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The Industrial Revolution

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  1. © Student Handouts, Inc. The Industrial Revolution

  2. The First Industrial Revolution

  3. Historical Significance of the Industrial Revolution • An ancient Greek or Roman would have been just as comfortable in Europe in 1700 because daily life was not much different – agriculture and technology were not much changed in 2000+ years • The Industrial Revolution changed human life drastically • More was created in the last 250+ years than in the previous 2500+ years of known human history

  4. What was the Industrial Revolution? • The Industrial Revolution was a fundamental change in the way goods were produced, from human labor to machines • The more efficient means of production and subsequent higher levels of production triggered far-reaching changes to industrialized societies

  5. The Industrial Revolution • Machines were invented which replaced human labor • New energy sources were developed to power the new machinery – water, steam, electricity, oil (gas, kerosene) • Some historians place advances in atomic, solar, and wind energy at the later stages of the Industrial Revolution • Increased use of metals and minerals • Aluminum, coal, copper, iron, etc.

  6. The Industrial Revolution • Transportation improved • Ships • Wooden ships → Iron ships → Steel ships • Wind-powered sails → Steam-powered boilers • Trains • Automobiles • Communication improved • Telegraph • Telephone • Radio

  7. Developments • Mass production of goods • Increased numbers of goods • Increased diversity of goods produced • Development of factory system of production • Rural-to-urban migration • People left farms to work in cities • Development of capitalism • Financial capital for continued industrial growth • Development and growth of new socio-economic classes • Working class, bourgeoisie, and wealthy industrial class • Commitment to research and development • Investments in new technologies • Industrial and governmental interest in promoting invention, the sciences, and overall industrial growth

  8. Background of the Industrial Revolution • Commercial Revolution • 15th, 16th, and 17th centuries • Europeans expanded their power worldwide • Increased geographic knowledge • Colonies in the Americas and Asia • Increased trade and commerce • Guild system could not meet the demands of increasing numbers goods

  9. Background of the Industrial Revolution • Scientific Revolution • 17th and 18th centuries • Discoveries of Boyle, Lavoisier, Newton, etc. • Intellectual Revolution • 17th and 18th centuries • Writings of Locke, Voltaire, etc. • Atmosphere of discovery and free intellectual inquiry • Greater knowledge of the world • Weakened superstition and tradition • Encouraged learning and the search for better and newer ways of doing things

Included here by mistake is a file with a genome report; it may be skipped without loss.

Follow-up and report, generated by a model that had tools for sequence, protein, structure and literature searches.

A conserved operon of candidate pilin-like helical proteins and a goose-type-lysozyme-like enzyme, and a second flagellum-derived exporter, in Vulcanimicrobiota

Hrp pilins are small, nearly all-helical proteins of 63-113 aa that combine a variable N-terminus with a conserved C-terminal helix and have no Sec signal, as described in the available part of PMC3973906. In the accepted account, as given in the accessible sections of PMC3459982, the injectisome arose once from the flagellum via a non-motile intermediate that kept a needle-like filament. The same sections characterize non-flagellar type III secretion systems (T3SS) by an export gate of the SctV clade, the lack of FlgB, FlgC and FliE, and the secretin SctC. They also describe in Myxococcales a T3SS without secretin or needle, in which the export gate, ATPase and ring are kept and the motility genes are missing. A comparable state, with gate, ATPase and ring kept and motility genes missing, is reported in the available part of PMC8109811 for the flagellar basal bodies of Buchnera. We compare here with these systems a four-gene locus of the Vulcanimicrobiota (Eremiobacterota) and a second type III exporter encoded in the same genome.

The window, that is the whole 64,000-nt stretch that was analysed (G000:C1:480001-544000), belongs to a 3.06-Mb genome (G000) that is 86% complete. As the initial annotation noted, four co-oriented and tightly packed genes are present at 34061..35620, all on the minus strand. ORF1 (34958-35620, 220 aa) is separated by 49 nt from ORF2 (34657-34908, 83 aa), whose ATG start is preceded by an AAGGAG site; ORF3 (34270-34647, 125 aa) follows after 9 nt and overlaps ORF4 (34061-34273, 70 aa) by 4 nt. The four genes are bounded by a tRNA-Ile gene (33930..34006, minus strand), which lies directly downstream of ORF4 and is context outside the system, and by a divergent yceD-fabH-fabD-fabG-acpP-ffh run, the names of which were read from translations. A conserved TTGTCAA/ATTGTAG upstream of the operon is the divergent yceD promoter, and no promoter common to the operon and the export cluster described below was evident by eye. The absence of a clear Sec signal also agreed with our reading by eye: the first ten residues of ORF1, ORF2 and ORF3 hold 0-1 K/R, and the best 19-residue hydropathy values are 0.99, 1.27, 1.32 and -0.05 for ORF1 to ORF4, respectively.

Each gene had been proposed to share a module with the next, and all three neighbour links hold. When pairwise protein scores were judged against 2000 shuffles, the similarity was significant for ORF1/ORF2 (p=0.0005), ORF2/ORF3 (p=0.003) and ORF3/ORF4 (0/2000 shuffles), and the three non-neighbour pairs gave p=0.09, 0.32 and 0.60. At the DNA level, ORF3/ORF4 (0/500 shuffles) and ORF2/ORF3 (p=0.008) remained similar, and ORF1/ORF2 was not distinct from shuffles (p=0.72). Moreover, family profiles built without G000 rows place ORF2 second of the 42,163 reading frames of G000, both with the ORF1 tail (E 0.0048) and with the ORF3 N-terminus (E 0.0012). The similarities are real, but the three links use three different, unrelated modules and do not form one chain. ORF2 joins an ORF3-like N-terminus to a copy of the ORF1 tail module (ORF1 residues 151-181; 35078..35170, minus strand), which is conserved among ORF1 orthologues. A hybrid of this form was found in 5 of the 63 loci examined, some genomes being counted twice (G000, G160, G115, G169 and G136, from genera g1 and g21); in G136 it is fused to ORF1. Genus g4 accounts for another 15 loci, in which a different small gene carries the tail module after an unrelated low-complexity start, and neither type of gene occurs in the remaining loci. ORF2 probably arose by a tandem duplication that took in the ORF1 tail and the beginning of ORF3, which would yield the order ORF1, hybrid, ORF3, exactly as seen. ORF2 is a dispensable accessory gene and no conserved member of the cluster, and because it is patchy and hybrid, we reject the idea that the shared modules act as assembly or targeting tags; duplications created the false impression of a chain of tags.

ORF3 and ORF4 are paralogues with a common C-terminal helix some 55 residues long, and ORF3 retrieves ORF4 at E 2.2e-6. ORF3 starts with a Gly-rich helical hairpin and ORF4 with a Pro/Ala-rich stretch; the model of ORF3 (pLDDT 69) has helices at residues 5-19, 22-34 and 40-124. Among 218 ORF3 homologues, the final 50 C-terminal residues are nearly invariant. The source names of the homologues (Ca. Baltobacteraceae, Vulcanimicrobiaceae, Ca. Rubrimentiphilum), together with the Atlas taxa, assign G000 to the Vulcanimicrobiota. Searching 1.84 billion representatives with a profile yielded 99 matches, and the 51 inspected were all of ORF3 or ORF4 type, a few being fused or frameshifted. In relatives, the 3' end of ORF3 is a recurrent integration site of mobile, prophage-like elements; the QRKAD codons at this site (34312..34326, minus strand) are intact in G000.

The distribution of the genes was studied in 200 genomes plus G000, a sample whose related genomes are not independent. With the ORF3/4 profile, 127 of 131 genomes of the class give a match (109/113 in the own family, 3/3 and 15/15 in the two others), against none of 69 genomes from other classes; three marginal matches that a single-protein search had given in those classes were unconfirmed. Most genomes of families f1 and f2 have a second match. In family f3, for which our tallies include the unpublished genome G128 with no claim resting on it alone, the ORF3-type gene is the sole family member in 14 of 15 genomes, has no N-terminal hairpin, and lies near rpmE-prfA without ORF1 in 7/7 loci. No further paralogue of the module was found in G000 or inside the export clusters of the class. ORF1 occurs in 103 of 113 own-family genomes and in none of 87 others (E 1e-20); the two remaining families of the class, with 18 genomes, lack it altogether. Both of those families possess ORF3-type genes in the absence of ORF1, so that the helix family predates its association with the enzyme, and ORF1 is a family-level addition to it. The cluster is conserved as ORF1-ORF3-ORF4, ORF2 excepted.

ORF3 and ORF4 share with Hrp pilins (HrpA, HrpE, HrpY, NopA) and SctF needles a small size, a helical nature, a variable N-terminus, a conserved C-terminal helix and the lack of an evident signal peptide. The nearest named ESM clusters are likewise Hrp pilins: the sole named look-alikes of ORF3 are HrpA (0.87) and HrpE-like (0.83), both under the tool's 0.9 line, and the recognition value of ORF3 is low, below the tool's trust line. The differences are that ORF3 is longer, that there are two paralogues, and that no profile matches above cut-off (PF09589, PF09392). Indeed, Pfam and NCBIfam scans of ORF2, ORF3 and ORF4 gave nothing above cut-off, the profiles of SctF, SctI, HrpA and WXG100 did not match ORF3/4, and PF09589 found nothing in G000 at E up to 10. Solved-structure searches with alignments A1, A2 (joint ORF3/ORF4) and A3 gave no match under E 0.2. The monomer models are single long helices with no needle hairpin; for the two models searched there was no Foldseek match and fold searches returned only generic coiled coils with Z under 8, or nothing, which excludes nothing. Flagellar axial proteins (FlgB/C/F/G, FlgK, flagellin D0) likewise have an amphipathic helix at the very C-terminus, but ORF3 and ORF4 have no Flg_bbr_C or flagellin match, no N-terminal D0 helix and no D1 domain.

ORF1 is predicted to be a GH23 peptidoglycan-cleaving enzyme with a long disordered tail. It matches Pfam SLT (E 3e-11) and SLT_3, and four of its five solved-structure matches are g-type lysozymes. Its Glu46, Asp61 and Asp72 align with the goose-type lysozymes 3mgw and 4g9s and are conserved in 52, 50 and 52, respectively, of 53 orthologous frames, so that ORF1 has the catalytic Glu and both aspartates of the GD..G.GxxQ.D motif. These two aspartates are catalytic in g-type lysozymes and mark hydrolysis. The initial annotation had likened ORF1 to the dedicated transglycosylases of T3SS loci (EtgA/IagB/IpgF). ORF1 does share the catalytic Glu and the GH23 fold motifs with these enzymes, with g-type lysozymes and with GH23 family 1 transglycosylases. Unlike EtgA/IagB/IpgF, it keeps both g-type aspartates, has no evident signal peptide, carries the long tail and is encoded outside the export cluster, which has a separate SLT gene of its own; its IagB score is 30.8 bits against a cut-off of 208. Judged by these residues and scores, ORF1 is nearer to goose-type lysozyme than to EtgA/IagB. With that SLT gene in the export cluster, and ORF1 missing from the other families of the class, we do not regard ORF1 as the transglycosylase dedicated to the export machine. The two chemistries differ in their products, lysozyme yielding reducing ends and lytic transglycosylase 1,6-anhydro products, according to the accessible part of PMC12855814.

10. Development of the Domestic System of Production • Domestic system developed in England • Late 1600s-late 1800s • Domestic system of production – “putting out” system • Businesspeople delivered raw materials to workers’ homes • Workers manufactured goods from these raw materials in their homes (typically articles of clothing) • Businesspeople picked up finished goods and paid workers wages based on number of items • Domestic system could not keep up with demand

  11. Factory System • Developed to replace the domestic system of production • Faster method of production • Workers concentrated in a set location • Production anticipated demand • For example: Under the domestic system, a woman might select fabric and have a businessperson give it to a home-based worker to make into a dress. Under the factory system, the factory owner bought large lots of popular fabrics and had workers create multiple dresses in common sizes, anticipating that women would buy them.

  12. England: Birthplace of the Industrial Revolution • No concrete start date for the Industrial Revolution • Marked by gradual, slow changes • After 1750 – these changes were noticeable first in England

  13. Why the Industrial Revolution Started in England

  14. England’s Resources: Capital • The Commercial Revolution made many English merchants very wealthy • These merchants had the capital to invest in the factory system – money to buy buildings, machinery, and raw materials

  15. England’s Resources: Colonies and Markets • Wealth from the Commercial Revolution spread beyond the merchant class • England had more colonies than any other nation • Its colonies gave England access to enormous markets and vast amounts of raw materials • Colonies had rich textile industries for centuries • Many of the natural cloths popular today, such as calico and gingham, were originally created in India • China had a silk industry

  16. England’s Resources: Raw Materials • England itself possessed the necessary raw materials to create the means of production • Coal – vast coal reserves powered steam engines • Iron – basic building block of large machines, railroad tracks, trains, and ships

  17. England’s Resources: Workers • Serfdom and guilds ended earlier in England than other countries • English people could freely travel from the countryside to the cities • Enclosure Acts – caused many small farmers to lose their lands, and these former farmers increased the labor supply

  18. England’s Resources: Merchant Marine • World’s largest merchant fleet • Merchant marine built up from the Commercial Revolution • Vast numbers of ships could bring raw materials and finished goods to and from England’s colonies and possessions, as well as to and from other countries

  19. England’s Resources: Geography • England is the political center of Great Britain, an island • Great Britain (as the entire island was called beginning in 1707) did not suffer fighting on its land during the wars of the 18th century • Island has excellent harbors and ports • Damp climate benefited the textile industry (thread did not dry out) • Government stable • No internal trade barriers

  20. “Necessity Is the Mother of Invention”